August 4, 2014; EurekAlert

According to a national study published yesterday in the journal Health Affairs, “For-Profit Medicare Home Health Agencies’ Costs Appear Higher And Quality Lower When Compared To Nonprofit Agencies,” not only do for-profit home health agencies charge more than nonprofits to Medicare, but their quality of care is worse, causing a higher level of repeat hospitalizations.

Researchers at the City University of New York School of Public Health came to their conclusions after examining the Medicare Cost Reports of 7,165 home health agencies in 2010-2011 and the quality rankings from Medicare’s Home Health Compare database, which measures 9,128 agencies.

Specifically, the researchers found that the operating costs at for-profit agencies were 18 percent higher, with two-thirds of the difference being charged to administration. The profits at for-profit agencies added 15 percent on top of operating costs, compared to a 6.4 percent surplus at nonprofit agencies.

On the other hand, for-profits met each quality standard only 77.2 percent of the time, vs. 78.7 percent for nonprofits, and rehospitalizations occurred more frequently with clients of the for-profits—28.4 percent vs. 26.5 percent at nonprofits.

In the South, where for-profit firms provide the overwhelming majority of care, the differences were even more extreme. Despite the fact that they do worse for more with a very vulnerable population, an astounding 88 percent of home healthcare agencies are for-profit businesses and they care for 81 percent of Medicare home care patients.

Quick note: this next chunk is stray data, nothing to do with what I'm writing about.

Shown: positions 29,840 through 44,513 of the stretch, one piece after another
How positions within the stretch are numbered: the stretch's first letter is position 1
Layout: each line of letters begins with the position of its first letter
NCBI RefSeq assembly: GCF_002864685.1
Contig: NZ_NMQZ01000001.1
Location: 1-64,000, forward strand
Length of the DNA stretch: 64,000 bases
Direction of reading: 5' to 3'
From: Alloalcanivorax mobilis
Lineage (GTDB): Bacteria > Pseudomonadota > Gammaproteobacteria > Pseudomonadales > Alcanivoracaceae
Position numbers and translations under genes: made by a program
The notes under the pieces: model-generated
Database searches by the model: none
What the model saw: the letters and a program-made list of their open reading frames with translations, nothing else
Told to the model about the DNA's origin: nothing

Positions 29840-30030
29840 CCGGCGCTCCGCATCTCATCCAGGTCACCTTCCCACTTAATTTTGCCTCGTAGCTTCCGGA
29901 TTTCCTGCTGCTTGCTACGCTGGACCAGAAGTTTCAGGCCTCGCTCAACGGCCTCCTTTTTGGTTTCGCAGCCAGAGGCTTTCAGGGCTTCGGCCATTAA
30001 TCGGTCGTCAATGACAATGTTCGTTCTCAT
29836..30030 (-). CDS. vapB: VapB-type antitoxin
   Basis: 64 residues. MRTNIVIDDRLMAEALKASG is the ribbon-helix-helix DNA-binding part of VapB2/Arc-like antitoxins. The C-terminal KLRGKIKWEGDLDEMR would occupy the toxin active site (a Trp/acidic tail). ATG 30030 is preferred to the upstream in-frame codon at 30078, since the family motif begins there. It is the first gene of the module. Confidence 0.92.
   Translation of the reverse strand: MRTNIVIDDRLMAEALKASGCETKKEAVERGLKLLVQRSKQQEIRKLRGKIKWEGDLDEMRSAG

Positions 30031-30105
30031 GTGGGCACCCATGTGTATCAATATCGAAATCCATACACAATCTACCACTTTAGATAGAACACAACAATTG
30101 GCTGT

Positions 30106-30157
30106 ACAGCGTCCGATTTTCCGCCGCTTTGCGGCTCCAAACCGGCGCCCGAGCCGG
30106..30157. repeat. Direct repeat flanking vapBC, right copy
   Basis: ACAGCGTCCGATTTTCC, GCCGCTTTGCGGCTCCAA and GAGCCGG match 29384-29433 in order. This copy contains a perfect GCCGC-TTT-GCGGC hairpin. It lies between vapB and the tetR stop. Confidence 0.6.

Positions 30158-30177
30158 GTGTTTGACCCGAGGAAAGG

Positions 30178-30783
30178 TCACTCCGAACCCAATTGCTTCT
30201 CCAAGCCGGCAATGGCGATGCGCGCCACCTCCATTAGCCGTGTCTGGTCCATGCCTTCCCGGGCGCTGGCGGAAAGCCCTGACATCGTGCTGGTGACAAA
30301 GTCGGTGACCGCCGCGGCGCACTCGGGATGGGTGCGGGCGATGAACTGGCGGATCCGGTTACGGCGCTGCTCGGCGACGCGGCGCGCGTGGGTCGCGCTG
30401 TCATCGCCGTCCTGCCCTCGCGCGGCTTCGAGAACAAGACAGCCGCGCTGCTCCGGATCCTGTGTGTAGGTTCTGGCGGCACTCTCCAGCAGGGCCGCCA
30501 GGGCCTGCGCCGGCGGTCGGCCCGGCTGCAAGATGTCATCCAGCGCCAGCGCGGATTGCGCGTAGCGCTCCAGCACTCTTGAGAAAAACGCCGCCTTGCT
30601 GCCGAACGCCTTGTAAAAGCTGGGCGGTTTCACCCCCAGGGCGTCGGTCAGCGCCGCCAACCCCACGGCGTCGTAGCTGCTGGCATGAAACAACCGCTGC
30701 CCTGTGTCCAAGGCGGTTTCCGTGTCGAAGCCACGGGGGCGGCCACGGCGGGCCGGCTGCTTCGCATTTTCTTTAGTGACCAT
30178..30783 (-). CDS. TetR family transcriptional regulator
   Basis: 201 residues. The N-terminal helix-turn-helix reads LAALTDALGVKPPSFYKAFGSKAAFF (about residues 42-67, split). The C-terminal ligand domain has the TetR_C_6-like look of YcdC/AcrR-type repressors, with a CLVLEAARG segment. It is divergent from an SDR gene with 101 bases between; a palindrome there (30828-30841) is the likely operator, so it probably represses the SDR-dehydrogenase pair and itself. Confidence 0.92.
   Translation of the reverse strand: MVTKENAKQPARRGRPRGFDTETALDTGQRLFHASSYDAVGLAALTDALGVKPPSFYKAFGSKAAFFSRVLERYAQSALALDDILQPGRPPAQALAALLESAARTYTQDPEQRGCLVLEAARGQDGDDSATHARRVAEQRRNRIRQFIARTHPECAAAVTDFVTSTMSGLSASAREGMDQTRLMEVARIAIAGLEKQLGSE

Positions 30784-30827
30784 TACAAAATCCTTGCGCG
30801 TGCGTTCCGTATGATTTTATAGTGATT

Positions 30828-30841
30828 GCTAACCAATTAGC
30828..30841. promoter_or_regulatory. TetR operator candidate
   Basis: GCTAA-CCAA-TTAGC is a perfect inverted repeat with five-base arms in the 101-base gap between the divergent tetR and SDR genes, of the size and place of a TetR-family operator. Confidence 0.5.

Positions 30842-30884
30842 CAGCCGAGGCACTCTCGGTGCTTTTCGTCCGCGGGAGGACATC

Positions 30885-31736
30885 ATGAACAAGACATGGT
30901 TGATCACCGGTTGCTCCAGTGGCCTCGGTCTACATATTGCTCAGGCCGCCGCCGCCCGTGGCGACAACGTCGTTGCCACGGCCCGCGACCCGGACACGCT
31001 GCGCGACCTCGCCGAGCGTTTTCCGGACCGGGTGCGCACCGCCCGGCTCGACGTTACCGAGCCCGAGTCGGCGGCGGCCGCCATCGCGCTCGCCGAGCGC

Dr. Steffie Woolhandler, an author of the study, writes that “for-profit home care agencies are bleeding Medicare; they raise costs by $3.3 billion each year and lower the quality of care for frail seniors.”

“Letting for-profit companies into Medicare was a huge mistake,” she continued, “that Congress needs to correct.”

William Cabin, the study’s lead author, added, “While our study is the first to show that profit-making has trumped patient care in Medicare’s home health program, that’s no surprise. A large body of research on hospitals, nursing homes, dialysis facilities, and HMOs has shown that for-profits deliver inferior care at inflated prices…. Our findings show once again that the free-market, private-sector managed care model has failed.”

Cabin believes that the industry might better serve the public if it were restricted only to nonprofits, as it was prior to 1980.—Ruth McCambridge